[NOTE: Perhaps it's not obvious for me to begin writing about a territorial dispute by talking about lawyers, but why I'm doing so will be obvious soon enough.] While I suppose a certain number of lawyers are necessary for modern societal functioning--drawing up contracts, settling contractual disputes, finalizing Larry King's divorces and so on--too many lawyers is a dubious situation. Not only do their functions primarily concern wealth redistribution rather than wealth generation, but having too many folks train for these occupations of often dubious worth may result in unemployment of their sort.
While the United States remains the world's archetypal lawyer-infested economic laggard, there are others. A case in point is the Philippines. With many of its institutions--educational, legal, and so forth--modelled after the late colonizer's, this English-fluent nation is unsurprisingly very much in the American mould for better or worse. So there's a perversely high regard for this occupation, with scads of wannabe legal eagles. To what extent is the Philippines' slower economic growth compared to regional peers down to excessive lawyering? It's certainly a question you can investigate empirically by using the number of lawyers per capita as an independent variable or even diminished trust / social capital as a moderator variable.
But, the important thing is that, combining the Philippines aforementioned penchant for lawyering with its culture of migration and you have interesting results. As it so happens, some of the world's top international judges have come from the Philippines. Exhibit A is the WTO's Dispute Settlement Appellate Body. Since the WTO generally styles itself as being more inclusive than the World Bank or IMF whose leadership is always baked in Washington or Brussels, it has assigned prominent tasks to more (token?) folks from LDCs. From the WTO's inception to 2001, Florentino Feliciano served on the Appellate Body. Lilia Bautista also hailing from the Philippines served there as well from 2007 to 2011.
As it so happens, all this Filipino lawyering may soon come in handy--or at least the Philippine government hopes it will. While of guns and money the Philippines has far fewer of than China, lawyers capable of prosecuting international law it probably has more of. Hence the differential response to the current imbroglio over the Scarborough Shoal. So much trouble over an uninhabitable little rock in the Pacific. While China keeps affirming its mumbo-jumbo about finding a peaceful resolution to the dispute, it has sent additional vessels to the general vicinity. Meanwhile, the Philippines has asked China to bring the matter to the International Tribunal for the Law of the Sea (ITLOS)--as I've suggested it do so with the other disputants to settle the matter once and for all.
Let's just say the Chinese have not been amenable to arbitration despite being an UNCLOS signatory, with the Philippines even indicating that it may bring the matter up at ITLOS "unilaterally." So much for Chinese avowals of respecting international law--which, like the US, it conveniently ignores if it serves their own interests. The Scarborough Shoal being far closer to the Philippines than the Chinese mainland aside (said to be 140 nautical miles away compared to 750 miles away), there's also the matter of China' historic claim. The Chinese like to point out that various historic documents--maps and so forth--indicate the features in question have long been "part of China." That said, Philippine authorities point out a historic claim does not hold anywhere near the same legal weight in international law as a historic title. Revisit the UNCLOS text.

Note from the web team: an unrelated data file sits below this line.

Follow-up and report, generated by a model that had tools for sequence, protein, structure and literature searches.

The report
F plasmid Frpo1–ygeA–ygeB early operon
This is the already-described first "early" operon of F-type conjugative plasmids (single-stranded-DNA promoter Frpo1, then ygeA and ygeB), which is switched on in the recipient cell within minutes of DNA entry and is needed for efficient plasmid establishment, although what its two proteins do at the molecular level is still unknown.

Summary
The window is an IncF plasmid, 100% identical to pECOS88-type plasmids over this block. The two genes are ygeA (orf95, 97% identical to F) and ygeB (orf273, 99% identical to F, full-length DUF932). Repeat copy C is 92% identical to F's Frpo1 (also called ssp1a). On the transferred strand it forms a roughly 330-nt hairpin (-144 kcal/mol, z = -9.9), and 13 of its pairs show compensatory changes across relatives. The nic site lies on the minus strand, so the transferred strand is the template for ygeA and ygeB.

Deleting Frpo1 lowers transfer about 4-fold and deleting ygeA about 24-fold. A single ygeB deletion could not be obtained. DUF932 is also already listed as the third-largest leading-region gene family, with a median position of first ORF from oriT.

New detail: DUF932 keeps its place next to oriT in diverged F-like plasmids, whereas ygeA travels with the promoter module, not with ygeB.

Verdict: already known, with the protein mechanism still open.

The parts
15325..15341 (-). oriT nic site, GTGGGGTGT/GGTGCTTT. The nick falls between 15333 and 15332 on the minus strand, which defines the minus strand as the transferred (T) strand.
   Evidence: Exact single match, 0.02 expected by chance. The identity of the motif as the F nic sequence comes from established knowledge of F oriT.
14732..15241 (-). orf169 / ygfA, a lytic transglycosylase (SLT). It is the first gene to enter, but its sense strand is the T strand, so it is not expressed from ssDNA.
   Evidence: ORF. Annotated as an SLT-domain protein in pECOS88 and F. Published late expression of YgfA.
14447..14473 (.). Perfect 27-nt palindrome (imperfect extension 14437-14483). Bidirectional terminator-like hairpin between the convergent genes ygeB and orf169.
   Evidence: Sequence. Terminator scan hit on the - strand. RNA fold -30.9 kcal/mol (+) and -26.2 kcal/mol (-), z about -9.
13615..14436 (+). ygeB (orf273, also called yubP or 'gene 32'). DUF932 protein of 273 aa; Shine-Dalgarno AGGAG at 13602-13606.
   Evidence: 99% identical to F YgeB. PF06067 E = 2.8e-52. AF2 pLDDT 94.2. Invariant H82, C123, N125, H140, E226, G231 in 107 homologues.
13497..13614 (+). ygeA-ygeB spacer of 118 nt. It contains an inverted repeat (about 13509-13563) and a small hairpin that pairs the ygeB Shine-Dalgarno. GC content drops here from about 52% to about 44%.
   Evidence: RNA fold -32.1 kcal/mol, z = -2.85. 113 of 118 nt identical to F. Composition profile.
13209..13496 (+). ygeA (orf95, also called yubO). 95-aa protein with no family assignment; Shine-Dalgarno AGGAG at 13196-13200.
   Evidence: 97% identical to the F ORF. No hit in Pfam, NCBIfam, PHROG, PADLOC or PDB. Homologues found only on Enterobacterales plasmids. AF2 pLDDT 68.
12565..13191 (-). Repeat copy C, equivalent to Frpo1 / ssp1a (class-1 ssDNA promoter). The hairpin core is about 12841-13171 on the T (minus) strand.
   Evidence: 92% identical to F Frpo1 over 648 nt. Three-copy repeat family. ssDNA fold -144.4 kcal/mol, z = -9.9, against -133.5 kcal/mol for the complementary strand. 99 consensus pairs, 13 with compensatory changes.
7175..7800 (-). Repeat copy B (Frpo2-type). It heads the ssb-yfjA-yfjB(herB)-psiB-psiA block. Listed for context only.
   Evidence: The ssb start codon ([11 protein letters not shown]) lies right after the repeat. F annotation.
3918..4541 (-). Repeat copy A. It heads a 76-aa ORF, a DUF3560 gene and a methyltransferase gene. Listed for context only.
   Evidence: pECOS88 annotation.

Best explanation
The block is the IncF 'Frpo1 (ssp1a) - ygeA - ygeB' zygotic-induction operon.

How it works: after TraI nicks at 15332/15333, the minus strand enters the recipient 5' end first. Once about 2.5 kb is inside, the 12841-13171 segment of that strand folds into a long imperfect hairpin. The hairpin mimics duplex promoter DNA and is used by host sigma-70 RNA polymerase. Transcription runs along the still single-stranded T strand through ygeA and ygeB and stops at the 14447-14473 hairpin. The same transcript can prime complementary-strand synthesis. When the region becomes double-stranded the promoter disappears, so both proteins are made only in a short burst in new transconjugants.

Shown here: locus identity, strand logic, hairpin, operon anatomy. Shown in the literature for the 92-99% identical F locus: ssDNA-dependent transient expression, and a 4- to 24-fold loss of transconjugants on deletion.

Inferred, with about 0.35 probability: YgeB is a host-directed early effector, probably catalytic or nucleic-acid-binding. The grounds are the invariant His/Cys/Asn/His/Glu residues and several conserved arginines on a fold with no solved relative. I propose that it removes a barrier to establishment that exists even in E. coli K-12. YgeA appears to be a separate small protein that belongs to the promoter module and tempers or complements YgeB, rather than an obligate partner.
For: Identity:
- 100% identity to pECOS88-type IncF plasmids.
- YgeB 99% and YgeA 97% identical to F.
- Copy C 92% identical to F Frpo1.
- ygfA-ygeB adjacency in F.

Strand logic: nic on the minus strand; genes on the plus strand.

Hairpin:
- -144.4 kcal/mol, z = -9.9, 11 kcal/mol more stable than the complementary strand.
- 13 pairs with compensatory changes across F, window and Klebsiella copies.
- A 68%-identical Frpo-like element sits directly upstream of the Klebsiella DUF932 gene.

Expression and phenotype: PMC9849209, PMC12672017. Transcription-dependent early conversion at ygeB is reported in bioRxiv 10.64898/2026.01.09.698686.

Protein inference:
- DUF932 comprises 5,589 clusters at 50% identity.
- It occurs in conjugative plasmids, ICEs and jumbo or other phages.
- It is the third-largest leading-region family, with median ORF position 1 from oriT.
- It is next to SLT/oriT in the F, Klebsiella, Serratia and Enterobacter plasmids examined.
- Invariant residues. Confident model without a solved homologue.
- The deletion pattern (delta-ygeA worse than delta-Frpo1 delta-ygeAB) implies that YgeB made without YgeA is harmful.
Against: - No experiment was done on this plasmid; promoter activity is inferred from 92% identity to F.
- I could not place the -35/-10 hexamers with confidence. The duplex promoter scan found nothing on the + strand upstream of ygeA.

Needless to say, while the Philippines' claims are also subject to contestation, China's are too. International law is an area where the Philippines can engage China on more even terms, but alike all with the other disputants, China avoids "multilateralization" and in so doing continually reinforces its "divide and conquer" reputation when it comes to this territorial dispute. Sure it's easy to beat up the Philippines on its own, but what does that do for China's desired image of a "peaceful rise"?
So this situation is certainly at another impasse. More apocalyptic sorts are wondering if the US will come to the Philippines' aid under their Mutual Defence Treaty of 1951 if skirmishes break out in the South China Sea. Meanwhile, for reasons given above, the Philippines wants to sic the lawyers on China. It's one area where the Philippines perhaps has an absolute advantage over China. As I said, it's the natural response when you've got few guns and money but plenty of lawyers. Bad for development perhaps, but the Philippines hopes it's more beneficial with regard to territorial disputes.
UPDATE I: RP Foreign Minister Albert del Rosario believes that taking the matter to UNCLOS unilaterally is not an entirely empty gesture:
Del Rosario said that the UNCLOS provides five dispute settlement mechanisms, including the International Tribunal for the Law (ITLOS) of the Sea and the International Court of Justice [ICJ]. One more mechanism is a "compulsory conciliation system where you can go without China"..."You can proceed without China and get a judgement, but in that compulsory conciliation, the judgement is not legally binding but it does have moral suasion," Del Rosario said.UPDATE II: To be fair, it should be noted that the Philippines has not had an ambassador to China for nearly two years now since the legislature has held up sending someone to China. Not sending a high-level Philippine diplomat may be a perceived by the Chinese as a slight. However, present circumstances may make the Philippines move faster.